When Sex Goes to School: Warring Views on Sex—and Sex Education—Since the Sixties
reviewed by Jeffrey P. Moran - November 20, 2006
Title: When Sex Goes to School: Warring Views on Sex—and Sex Education—Since the Sixties
Author(s): Kristin Luker
Publisher: W.W. Norton & Co., New York
ISBN: 0393060896 , Pages: 416, Year: 2006
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For most of the last three decades, the battleground of sex education has been confined to a few narrow strips of land: comprehensive sexuality education versus abstinence education; home and church versus the public school system; disaster prevention versus positive sexuality; and a few more binary oppositions that have provided a basis for fights, but not for insight. In an attempt to explain why these recent disputes have been so durable and so static, the sociologist Kristin Luker spent 10 years interviewing participants in three different localities across the United States. The result of her efforts, When Sex Goes to School: Warring Views on Sexand Sex EducationSince the Sixties, is part history, part sociology, part research memoir (if there is such a thing), and part philosophy. As the dashes in the subtitle suggest, Luker is less interested in sex education itself than in the ways in which disputes over the subject reveal deeper cleavages in Americans approaches to sex, marriage, and moral boundaries. As the author of books on the politics of the teenage pregnancy crisis and on the politics of abortion, Luker is well qualified to trace the interpenetration of public controversy and privateor not so privatesexuality.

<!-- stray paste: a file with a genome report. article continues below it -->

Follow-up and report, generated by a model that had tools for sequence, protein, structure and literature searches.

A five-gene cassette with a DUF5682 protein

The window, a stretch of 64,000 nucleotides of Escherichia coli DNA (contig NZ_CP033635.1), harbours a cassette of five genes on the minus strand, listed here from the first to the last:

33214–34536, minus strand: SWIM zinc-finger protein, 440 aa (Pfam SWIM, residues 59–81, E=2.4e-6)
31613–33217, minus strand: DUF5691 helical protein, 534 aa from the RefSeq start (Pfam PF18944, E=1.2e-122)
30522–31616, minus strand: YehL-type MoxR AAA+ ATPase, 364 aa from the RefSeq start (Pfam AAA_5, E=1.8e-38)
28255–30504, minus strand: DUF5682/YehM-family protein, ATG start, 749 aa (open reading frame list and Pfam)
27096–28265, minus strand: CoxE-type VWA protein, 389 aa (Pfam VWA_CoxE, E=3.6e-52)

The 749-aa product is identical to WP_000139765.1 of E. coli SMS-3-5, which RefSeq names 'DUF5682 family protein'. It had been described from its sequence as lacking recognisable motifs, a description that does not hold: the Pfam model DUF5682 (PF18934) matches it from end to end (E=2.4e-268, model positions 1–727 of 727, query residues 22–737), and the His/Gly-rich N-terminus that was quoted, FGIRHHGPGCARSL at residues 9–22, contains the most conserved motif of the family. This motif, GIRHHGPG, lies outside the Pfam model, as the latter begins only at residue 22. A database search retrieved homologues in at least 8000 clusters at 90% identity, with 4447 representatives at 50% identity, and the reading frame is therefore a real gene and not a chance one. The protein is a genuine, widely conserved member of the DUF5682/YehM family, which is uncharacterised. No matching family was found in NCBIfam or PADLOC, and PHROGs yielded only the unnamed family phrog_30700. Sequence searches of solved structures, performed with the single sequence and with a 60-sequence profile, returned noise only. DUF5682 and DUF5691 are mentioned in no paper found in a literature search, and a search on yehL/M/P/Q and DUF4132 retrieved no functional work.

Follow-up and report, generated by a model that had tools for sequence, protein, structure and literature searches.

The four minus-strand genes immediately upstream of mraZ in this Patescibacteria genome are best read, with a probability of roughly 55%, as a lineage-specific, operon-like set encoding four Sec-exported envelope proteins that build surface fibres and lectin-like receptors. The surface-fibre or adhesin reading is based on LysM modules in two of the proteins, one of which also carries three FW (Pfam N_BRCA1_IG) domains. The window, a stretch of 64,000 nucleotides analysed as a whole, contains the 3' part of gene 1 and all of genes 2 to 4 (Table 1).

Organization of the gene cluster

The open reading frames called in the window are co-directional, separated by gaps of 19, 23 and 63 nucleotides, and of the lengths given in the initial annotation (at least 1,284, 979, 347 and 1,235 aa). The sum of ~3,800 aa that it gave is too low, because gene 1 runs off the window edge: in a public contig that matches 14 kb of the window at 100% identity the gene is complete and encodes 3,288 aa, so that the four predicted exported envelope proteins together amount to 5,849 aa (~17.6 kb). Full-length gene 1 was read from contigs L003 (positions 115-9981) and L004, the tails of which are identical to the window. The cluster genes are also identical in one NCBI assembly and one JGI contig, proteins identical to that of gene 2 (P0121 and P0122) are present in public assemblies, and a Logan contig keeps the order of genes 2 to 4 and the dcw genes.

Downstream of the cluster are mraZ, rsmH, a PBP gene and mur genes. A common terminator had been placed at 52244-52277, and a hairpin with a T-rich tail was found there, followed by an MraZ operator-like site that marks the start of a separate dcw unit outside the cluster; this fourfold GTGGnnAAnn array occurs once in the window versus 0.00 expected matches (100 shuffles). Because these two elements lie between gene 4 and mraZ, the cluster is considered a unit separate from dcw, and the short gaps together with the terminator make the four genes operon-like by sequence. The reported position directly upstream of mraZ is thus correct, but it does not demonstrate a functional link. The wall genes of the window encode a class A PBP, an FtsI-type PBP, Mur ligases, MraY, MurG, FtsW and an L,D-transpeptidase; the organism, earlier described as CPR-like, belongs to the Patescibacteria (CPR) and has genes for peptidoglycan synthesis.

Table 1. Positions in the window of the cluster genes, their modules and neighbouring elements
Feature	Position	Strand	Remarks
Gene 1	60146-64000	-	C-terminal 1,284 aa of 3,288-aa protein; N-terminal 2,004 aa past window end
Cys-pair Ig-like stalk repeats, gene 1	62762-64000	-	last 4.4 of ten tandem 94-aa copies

Sex education, from its beginning, has been shaped by broader transformations in the culture. The formal movement to put sex in the schools began at the dawn of the twentieth century, in response to what Luker calls the first and possibly the most significant sexual revolution. Between 1880 and 1920, the white middle classes, in particular, became characterized by a rising average age at marriage and a shrinking of the average family size. As never before, young people were thrown into mixed-sex gatherings, such as the public schools. Probably in response to all of these changes, the rate of premarital sexual activity also increased, but the birthrate did not. The precursors of the sex educators, the Progressive-Era social hygienists, had once been preoccupied solely with the dangers of venereal diseases and prostitution, but now they turned their attention increasingly to the problem that sex and procreation were becoming separated. Marriage, then, needed to be bolstered with a rationale that moved beyond its older justification as the God-given site for making babies.
The sex educators, as many began to call themselves, took up this challenge in earnest in the 1920s. They supplemented their core mission of disease prevention with a positive new message about the benefits of a companionable or companionate marriage. This new ideal portrayed marriage as an institution for personal satisfactions, including the joys of rearing well-adjusted children, fulfilling the needs of each spouses personality, and yes, harnessing the power of sex to tighten the marital bond. Influenced by the mental hygiene movement, the educators still taught that sex before marriage was wrong, but it was wrong not only because it crossed moral boundaries and invited infections, but also because the experience would interfere with the positive satisfactions that only heterosexual marriage could provide. In these forms, sex education or its carefully named cousin, family life education, proceeded in fits and starts over the next four decades. Although it occasionally ran into local opposition during these years, the subject retained a place in the curriculum because it fitted well with the broader public consensus that sex outside of marriage was wrong.